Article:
IN A battle against the clock, with less than two months left in the window set out by the UN to curb the spread of the Ebola virus ravaging in Liberia, Sierra Leone and Guinea, there is still a crippling shortfall in military staff to provide the logistical support that is desperately needed.
This includes building treatment centres, providing flights and both engineering and logistical support.
More doctors and nurses are needed to staff the treatment centres, and there is a significant shortfall in funding that must be filled to support the emergency humanitarian response.
Oxfam Australia Chief Executive Helen Szoke welcomed the $18million in assistance provided by the Australian Government to date, but said that funding alone would not meet the urgent need for more capable personnel, including military, in order to break transmission rates and halt the spread of the disease.
“We are in the eye of a storm. We cannot allow Ebola to immobilise us in fear, but instead we must move toward a common mission to stop it from getting worse,” Dr Szoke said.
“Countries that have failed to commit troops, doctors and enough funding are in danger of costing lives. The speed and scale of the intervention needed is unprecedented. Only a concerted and co-ordinated global effort will stop the spread.”
The Ebola crisis could become the definitive humanitarian disaster of our generation. The world was unprepared to deal with it. It is extremely rare for Oxfam to call for military intervention to provide logistical support in a humanitarian emergency. However, the military’s logistical expertise and capacity to respond quickly in great numbers is vital. The military mission must be under civil coordination.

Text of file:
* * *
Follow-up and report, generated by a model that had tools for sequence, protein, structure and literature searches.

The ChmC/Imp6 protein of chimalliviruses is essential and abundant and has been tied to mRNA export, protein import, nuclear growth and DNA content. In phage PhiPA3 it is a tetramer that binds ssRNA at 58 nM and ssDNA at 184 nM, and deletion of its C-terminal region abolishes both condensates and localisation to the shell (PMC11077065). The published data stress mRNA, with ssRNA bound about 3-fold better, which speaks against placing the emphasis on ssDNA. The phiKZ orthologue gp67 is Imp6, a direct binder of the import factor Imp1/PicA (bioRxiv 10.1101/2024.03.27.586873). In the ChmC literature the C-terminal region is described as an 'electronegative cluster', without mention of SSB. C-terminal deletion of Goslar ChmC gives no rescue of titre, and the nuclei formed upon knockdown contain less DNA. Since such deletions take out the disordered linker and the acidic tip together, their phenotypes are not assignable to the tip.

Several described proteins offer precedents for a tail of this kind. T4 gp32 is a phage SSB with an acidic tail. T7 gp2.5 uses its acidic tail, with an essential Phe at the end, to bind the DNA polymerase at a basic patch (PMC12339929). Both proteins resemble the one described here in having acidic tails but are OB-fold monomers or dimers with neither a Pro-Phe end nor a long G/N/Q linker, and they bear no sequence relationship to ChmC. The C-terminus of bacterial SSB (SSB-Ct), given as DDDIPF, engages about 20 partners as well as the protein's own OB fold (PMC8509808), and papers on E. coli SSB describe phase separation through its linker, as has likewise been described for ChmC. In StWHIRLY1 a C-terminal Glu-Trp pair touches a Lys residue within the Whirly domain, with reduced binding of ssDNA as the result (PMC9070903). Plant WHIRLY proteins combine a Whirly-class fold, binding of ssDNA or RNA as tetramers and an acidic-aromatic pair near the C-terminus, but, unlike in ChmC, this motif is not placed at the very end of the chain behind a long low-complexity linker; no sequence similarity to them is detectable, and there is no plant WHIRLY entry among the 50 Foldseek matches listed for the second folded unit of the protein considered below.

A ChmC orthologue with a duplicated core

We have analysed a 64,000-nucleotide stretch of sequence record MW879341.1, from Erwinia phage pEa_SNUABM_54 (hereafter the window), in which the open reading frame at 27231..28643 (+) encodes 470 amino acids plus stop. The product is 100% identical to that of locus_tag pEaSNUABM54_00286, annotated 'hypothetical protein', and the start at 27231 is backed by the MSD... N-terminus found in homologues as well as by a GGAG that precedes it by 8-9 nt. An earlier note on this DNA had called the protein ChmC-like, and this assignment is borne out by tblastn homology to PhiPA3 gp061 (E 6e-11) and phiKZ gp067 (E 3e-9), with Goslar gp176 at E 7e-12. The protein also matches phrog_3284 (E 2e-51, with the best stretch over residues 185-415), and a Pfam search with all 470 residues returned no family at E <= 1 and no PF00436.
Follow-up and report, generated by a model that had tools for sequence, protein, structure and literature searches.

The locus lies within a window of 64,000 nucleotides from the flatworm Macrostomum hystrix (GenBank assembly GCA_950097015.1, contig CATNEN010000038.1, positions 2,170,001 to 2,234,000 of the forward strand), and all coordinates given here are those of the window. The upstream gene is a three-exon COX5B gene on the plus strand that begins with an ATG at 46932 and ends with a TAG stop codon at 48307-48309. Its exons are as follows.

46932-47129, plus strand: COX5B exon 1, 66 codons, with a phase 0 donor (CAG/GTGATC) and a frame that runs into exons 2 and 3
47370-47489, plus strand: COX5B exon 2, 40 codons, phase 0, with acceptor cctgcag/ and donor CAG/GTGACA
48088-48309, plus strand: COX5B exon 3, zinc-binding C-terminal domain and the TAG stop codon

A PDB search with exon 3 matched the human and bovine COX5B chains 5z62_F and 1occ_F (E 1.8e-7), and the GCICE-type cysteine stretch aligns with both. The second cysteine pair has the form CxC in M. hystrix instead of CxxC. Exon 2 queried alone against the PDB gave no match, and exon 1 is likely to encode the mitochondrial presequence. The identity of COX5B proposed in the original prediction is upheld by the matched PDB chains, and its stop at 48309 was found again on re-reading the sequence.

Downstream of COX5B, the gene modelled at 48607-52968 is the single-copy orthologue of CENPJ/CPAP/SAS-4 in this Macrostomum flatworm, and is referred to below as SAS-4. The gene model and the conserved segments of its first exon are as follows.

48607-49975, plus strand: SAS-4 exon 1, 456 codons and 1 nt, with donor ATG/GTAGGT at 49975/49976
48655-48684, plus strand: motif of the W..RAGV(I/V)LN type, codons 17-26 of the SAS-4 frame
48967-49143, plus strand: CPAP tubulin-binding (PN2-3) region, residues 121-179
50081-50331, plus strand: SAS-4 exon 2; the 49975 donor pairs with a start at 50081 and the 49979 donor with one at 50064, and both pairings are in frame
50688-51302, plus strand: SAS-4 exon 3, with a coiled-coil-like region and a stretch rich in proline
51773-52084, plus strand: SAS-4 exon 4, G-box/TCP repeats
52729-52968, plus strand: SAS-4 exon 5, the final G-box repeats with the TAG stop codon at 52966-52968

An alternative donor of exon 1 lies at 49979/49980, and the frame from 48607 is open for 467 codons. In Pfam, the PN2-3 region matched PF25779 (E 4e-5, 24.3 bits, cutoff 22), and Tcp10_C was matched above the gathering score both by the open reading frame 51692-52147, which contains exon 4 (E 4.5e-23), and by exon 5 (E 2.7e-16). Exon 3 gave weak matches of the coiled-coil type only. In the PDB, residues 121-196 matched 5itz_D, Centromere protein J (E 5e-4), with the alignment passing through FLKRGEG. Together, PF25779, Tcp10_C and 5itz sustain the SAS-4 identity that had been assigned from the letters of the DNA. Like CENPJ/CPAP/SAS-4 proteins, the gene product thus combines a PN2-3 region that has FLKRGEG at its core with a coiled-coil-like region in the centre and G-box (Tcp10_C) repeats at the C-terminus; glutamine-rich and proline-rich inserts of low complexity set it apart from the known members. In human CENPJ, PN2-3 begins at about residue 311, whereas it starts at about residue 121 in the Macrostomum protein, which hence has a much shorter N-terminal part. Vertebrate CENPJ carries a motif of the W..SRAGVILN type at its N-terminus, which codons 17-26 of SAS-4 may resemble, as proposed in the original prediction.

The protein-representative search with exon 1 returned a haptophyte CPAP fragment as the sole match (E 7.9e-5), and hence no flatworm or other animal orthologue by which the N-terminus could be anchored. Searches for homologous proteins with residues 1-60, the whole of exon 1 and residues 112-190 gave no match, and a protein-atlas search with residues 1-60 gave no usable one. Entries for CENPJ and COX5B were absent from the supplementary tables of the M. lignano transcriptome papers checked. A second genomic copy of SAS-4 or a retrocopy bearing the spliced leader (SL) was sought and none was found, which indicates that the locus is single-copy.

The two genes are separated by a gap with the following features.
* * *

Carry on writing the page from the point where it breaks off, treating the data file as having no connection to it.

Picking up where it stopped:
The US and the UK have led the way, committing 4,000 and 750 troops respectively. However, only some of these troops are on the ground, with most of the US contingent due by November 1.
Italy, Australia and Spain have committed no troops, despite Spain having a specialist medical expertise unit in its military. Germany has committed to military supply flights and plans a military hospital in the region.
France has some military staff in Guinea where personnel are reportedly building a hospital, and has issued a call-up to medical reservists. While Oxfam understands the tremendous logistical and medevac challenges for international responders, it is urging the Governments including Australia to work with international partners to find workable arrangements in order to massively strengthen and accelerate the mobilization of urgently-needed personnel.
A fund established by the UN Secretary General in September to fight Ebola estimated a need for almost US$1bn for the next six months. To date approximately only half of this is funded. Oxfam is appealing for $40 million to triple its emergency response in Liberia and Sierra Leone. It is nowhere near this target yet.
Oxfam Humanitarian Manger Meg Quartermaine said Oxfam was concentrating its main efforts in Sierra Leone and Liberia on helping to prevent the spread of Ebola, through clean water and sanitation provision and public education.
“Providing treatment is vital, however reducing the spread of infection is equally important, which is why we need the massive intervention of resources immediately,” Ms Quartermaine said.
Oxfam has scaled up its water and sanitation supply to Ebola treatment centres and community care centres, and has increased it’s supplying of hygiene materials, like soap and bleach. It is raising awareness on how people can best protect themselves from catching the disease by distributing public health messages via radio, billboards and text messages.
It is also distributing personal protective clothing for front line community health workers and burial teams, training community health workers and helping to build treatment centres. The aid agency is also working on prevention in Gambia, Guinea Bissau and Senegal.
The number of Ebola cases, and suspected Ebola cases, is almost 9,000, claiming more than 4,500 lives. Infection rates continue to grow with the number of cases doubling about every 20 days. The WHO has put the death rate from this outbreak at 70 per cent and has warned that there could be 10,000 new cases a week in West Africa by December.
Source: Oxfam Australia